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33
Internet economics: The use of Shapley value for ISP settlement
 Proceedings of 2007 ACM Conference on Emerging network experiment and technology (CoNEXT
, 2007
"... cslui.cse.cuhk.edu.hk Within the current Internet, autonomous ISPs implement bilateral agreements, with each ISP establishing agreements that suit its own local objective to maximize its profit. Peering agreements based on local views and bilateral settlements, while expedient, encourage selfish rou ..."
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Cited by 37 (9 self)
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cslui.cse.cuhk.edu.hk Within the current Internet, autonomous ISPs implement bilateral agreements, with each ISP establishing agreements that suit its own local objective to maximize its profit. Peering agreements based on local views and bilateral settlements, while expedient, encourage selfish routing strategies and discriminatory interconnections. From a more global perspective, such settlements reduce aggregate profits, limit the stability of routes, and discourage potentially useful peering/connectivity arrangements, thereby unnecessarily balkanizing the Internet. We show that if the distribution of profits is enforced at a global level, then there exist profitsharing mechanisms derived from the coalition games concept of Shapley value and its extensions that will encourage these selfish ISPs who seek to maximize their own profits to converge to a Nash equilibrium. We show that these profit sharing schemes exhibit several fairness properties that support the argument that this distribution of profits is desirable. In addition, at the Nash equilibrium point, the routing and connecting/peering strategies maximize aggregate network profits, encourage ISP connectivity so as to limit balkanization. 1.
Games on Networks
, 2012
"... We provide an overview and synthesis of the literatures analyzing games where players are connected via a network structure. We study, in particular, the impact of the structure of the network on individuals’ behaviors. We focus on the game theoretic modeling, but also include some discussion of ana ..."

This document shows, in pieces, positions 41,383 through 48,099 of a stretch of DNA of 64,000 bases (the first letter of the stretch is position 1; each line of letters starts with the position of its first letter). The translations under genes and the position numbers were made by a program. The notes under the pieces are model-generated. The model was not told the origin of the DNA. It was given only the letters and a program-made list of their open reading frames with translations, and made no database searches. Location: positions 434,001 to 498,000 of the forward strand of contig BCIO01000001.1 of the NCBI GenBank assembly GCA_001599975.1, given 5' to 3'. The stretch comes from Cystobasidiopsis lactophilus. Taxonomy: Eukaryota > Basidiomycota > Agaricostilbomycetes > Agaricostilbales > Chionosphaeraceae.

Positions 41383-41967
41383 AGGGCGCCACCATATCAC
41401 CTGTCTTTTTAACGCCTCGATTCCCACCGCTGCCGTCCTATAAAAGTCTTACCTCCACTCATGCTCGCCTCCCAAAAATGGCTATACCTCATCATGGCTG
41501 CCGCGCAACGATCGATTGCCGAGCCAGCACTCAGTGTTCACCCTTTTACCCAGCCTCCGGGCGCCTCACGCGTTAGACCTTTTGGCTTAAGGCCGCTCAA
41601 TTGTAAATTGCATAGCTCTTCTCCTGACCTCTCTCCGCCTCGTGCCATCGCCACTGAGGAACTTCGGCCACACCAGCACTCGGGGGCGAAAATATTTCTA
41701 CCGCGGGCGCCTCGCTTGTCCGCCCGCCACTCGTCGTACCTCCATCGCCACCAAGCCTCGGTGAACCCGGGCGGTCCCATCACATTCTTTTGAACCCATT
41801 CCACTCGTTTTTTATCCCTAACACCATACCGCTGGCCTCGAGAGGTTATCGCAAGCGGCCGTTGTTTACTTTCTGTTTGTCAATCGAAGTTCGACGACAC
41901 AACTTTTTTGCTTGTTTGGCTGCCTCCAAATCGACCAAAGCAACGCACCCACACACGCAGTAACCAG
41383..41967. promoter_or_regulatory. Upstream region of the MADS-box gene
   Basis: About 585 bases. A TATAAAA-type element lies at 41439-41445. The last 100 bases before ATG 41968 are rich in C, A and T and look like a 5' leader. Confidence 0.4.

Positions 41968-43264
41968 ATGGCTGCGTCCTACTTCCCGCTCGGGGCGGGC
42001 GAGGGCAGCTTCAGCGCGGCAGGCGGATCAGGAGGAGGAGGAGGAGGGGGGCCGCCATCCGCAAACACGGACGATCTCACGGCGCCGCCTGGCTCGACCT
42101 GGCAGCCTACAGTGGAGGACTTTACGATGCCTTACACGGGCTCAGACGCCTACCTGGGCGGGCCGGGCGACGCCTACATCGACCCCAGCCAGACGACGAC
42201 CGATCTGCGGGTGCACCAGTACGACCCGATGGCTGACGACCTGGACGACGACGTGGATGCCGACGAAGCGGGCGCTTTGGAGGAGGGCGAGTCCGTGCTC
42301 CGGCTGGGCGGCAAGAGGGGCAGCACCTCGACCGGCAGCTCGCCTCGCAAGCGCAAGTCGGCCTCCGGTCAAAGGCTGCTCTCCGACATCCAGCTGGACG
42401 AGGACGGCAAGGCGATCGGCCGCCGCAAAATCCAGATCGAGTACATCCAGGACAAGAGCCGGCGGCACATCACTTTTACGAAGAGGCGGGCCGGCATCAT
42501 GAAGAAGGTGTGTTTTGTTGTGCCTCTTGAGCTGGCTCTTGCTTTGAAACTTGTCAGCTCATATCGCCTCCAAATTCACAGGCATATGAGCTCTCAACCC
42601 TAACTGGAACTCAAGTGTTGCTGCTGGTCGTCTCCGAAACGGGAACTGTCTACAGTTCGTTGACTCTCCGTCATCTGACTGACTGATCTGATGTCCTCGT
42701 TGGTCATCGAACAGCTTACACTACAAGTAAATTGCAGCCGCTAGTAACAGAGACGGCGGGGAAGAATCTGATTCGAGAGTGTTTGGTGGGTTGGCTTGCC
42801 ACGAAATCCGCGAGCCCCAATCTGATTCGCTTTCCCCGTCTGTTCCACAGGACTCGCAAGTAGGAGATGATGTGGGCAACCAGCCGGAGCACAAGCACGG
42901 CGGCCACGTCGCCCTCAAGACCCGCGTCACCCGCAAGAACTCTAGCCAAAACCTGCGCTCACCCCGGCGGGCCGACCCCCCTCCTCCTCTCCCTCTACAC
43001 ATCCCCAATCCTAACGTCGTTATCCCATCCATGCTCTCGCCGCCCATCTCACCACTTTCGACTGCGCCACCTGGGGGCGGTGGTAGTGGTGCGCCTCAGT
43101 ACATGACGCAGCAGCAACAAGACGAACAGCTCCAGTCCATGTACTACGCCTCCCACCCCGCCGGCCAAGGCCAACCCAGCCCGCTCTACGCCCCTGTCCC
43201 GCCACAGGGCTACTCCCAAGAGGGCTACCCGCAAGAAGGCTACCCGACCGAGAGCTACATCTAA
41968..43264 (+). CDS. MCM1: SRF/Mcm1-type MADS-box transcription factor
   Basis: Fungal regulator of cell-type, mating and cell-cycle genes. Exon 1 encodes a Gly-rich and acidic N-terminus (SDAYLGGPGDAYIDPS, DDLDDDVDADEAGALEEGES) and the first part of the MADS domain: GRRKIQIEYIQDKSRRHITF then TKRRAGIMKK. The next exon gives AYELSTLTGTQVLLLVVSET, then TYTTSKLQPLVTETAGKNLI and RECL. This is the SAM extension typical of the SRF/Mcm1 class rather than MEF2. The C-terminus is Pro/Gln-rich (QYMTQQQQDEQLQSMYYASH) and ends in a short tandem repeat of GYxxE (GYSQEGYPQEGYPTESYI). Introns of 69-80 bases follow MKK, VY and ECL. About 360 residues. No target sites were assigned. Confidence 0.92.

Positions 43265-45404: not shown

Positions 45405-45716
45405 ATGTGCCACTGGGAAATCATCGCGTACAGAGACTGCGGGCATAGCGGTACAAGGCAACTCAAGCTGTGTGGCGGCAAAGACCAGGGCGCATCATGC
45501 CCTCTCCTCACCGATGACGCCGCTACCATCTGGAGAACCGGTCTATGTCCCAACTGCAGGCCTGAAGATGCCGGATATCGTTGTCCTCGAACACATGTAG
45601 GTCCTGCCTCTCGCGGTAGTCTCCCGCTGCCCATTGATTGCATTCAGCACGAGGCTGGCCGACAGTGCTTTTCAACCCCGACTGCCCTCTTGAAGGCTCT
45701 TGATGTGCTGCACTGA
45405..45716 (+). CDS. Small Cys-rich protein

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Cited by 13 (8 self)
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We provide an overview and synthesis of the literatures analyzing games where players are connected via a network structure. We study, in particular, the impact of the structure of the network on individuals’ behaviors. We focus on the game theoretic modeling, but also include some discussion of analyses of peer effects, as well as applications to diffusion, employment, crime, industrial organization, and education.
MarkovPerfect Network Formation  An Applied Framework for Bilateral Oligopoly and Bargaining in BuyerSeller Networks
, 2013
"... We develop a tractable and applicable dynamic model of network formation with transfers in the presence of externalities. Our primary application is bilateral oligopoly and bargaining in buyerseller networks. The framework takes as primitives each agent’s static profits, and provides the equilibriu ..."
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Cited by 11 (4 self)
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We develop a tractable and applicable dynamic model of network formation with transfers in the presence of externalities. Our primary application is bilateral oligopoly and bargaining in buyerseller networks. The framework takes as primitives each agent’s static profits, and provides the equilibrium recurrent class of networks and negotiated transfers. Agents anticipate future changes to the network, and links may be costly to form, maintain, or break. We detail the computation and estimation of a MarkovPerfect equilibrium in this environment, and illustrate the approach using simulated data motivated by insurerhospital negotiations. We explore the impact of hospital mergers on negotiated payments, insurer premiums, and consumer welfare, and demonstrate how accounting for dynamics yields substantively different predictions than traditional static approaches.
Local dynamics in network formation
 in Proc. 2008 Third World Congress of the Game Theory Society
"... We study a dynamic network formation game. Alternately, agents are allowed to add, remove or replace links among them. The goal of each of them is to maximize his own payoff, which is a function of the final network. We focus on local actions, where each agent is allowed to add, remove or replace on ..."
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Cited by 10 (1 self)
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We study a dynamic network formation game. Alternately, agents are allowed to add, remove or replace links among them. The goal of each of them is to maximize his own payoff, which is a function of the final network. We focus on local actions, where each agent is allowed to add, remove or replace only one link per turn. We prove that the problem of finding a best global response is NPhard, while finding a best local response can be done in polynimal time. We show that for a general class of payoff functions, which is based on axiomatic properties, localNash and globalNash networks always exist. Also, we show that the dynamic process of iterated local actions converges with probability 1 to a localNash network. Moreover, this localNash network is also globalNash.